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Let three circles have a common point. Suppose that the common chord of two of them is a diameter of the third. If this is true for two of the three common chords, then we can prove that it must be true for all three of them. (C. S. Ogilvy, "Excursions in Geometry").

Prove by inversion: Convert the diagram on the left to the one on the right, and complete the proof with the concurrency of three altitudes in any triangle. The center of inversion is the concurrency of three circles:

Use Manipulate to see the invariance of the result by changing the configuration of the circles constrained by the statement of the problem:

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Semicircles with centers at *A* (red) and *B* (blue) and with radii 2 and 1, respectively, are drawn in the interior of, and share bases with, a semicircle with diameter *JK*. The two smaller semicircles are externally tangent to each other and internally tangent to the largest semicircle (dashed). A circle centered at *P* is drawn externally tangent to the two smaller semicircles and internally tangent to the largest semicircle. What is the radius of the circle centered at *P* (2017 AMC 12A Problem 16)?

As described previously, the arbelos and chain of Pappus:

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The result to the *n*^{th} circle in the chain by circle inversion can easily be generalized. Choose the center of inversion to be {0,0} and let the radius of the reference circle be 6 (marked by as the largest circle in the diagram at the bottom):

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If you are looking for the radius of the first 15 circles in the chain, you have:

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The framed part is the answer this problem is asking for. In the diagram below, each disk is the element in the chain of Pappus by inverting the circle with the same color from the column on the right:

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The combination of inversion and a coaxial family (or pencil of circles) is the key step to finding the Steiner chain of two given non-intersecting circles. For 0<|*t*|<1, there are points , *B*={*t*,0}, *C*={1,0} and *D*={-1,0}. Then *A* and *B* are harmonic conjugates with respect to *C* and *D*. Define the *α* and *β* families of circles:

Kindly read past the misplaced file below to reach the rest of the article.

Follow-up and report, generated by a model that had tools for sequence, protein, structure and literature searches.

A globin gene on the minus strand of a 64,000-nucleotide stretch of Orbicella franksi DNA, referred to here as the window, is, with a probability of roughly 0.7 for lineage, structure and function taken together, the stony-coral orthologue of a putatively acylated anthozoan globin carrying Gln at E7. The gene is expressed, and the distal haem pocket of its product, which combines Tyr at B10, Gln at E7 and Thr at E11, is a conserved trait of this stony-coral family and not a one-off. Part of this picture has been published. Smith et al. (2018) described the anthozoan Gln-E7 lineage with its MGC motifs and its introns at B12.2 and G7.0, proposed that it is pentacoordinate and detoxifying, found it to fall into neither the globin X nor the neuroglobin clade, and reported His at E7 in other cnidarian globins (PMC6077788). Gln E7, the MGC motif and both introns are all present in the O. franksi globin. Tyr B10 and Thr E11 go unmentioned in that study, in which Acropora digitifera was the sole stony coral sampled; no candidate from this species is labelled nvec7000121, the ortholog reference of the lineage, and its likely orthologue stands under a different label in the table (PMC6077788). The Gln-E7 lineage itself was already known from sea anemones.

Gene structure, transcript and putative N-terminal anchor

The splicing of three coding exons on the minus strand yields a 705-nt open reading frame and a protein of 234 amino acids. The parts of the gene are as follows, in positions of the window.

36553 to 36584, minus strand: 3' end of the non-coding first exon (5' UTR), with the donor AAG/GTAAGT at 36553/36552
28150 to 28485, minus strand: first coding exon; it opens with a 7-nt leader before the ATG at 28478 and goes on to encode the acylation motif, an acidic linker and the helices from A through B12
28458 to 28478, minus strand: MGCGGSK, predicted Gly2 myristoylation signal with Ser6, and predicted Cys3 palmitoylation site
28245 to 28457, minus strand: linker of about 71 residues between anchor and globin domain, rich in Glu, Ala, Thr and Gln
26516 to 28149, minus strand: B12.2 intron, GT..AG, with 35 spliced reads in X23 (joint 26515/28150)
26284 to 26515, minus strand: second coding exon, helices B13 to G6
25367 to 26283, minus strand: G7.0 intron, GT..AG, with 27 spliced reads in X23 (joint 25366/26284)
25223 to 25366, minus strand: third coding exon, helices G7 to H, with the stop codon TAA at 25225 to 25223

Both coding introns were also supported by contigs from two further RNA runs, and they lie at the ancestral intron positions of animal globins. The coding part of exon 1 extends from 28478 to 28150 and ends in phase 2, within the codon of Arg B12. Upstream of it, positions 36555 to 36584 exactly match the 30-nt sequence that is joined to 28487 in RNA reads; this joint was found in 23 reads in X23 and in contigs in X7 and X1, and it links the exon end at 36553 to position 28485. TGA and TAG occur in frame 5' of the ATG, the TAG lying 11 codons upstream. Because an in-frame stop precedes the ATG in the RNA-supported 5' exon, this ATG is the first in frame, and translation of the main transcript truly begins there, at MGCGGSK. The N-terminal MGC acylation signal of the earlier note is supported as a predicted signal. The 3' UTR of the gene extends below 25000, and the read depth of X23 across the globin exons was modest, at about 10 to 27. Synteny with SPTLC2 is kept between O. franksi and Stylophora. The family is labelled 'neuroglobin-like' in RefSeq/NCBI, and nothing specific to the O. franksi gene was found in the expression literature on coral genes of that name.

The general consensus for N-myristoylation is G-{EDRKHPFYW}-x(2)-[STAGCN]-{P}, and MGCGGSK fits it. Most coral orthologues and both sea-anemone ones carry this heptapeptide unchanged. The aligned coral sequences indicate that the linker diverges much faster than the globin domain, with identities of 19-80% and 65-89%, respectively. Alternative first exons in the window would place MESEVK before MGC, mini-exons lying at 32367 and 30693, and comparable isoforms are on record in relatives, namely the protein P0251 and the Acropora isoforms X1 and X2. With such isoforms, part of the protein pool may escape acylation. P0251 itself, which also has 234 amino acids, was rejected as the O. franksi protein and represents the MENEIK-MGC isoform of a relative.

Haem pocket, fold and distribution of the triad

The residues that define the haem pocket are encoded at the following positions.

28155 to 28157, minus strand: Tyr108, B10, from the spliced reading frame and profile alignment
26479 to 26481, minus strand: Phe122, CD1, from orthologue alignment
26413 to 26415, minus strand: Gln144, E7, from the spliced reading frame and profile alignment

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Any pair of circles, one from each family, intersects orthogonally:

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Check the dot product of two vectors that sit at each center of the circles and point to the intersection:

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This also proves that the locus of the center of circles in the *β* family (or the perpendicular bisector of segment *CD*) is the radical axis for any two circles in the *α* family.

Invert the circles in both coaxial families with respect to the reference circle centered at point *C*:

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The *β* circles contain the inversion center, and they are thus mapped to lines. The inverses of the *α* circles are circles, and they must orthogonally intersect the inverses of the *β* circles. This is due to the anti-conformal property of circle inversion. The only possibility is that the inverse of the *α* circles are concentric circles with the common center at point *C*:

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The result implies that you only need to consider the case of concentric circles to determine the number of circles in a closed Steiner chain, which is an easy task. This number is invariant under inversion.

- 1.0.2 – 15 February 2022
- 1.0.1 – 19 July 2021

This work is licensed under a Creative Commons Attribution 4.0 International License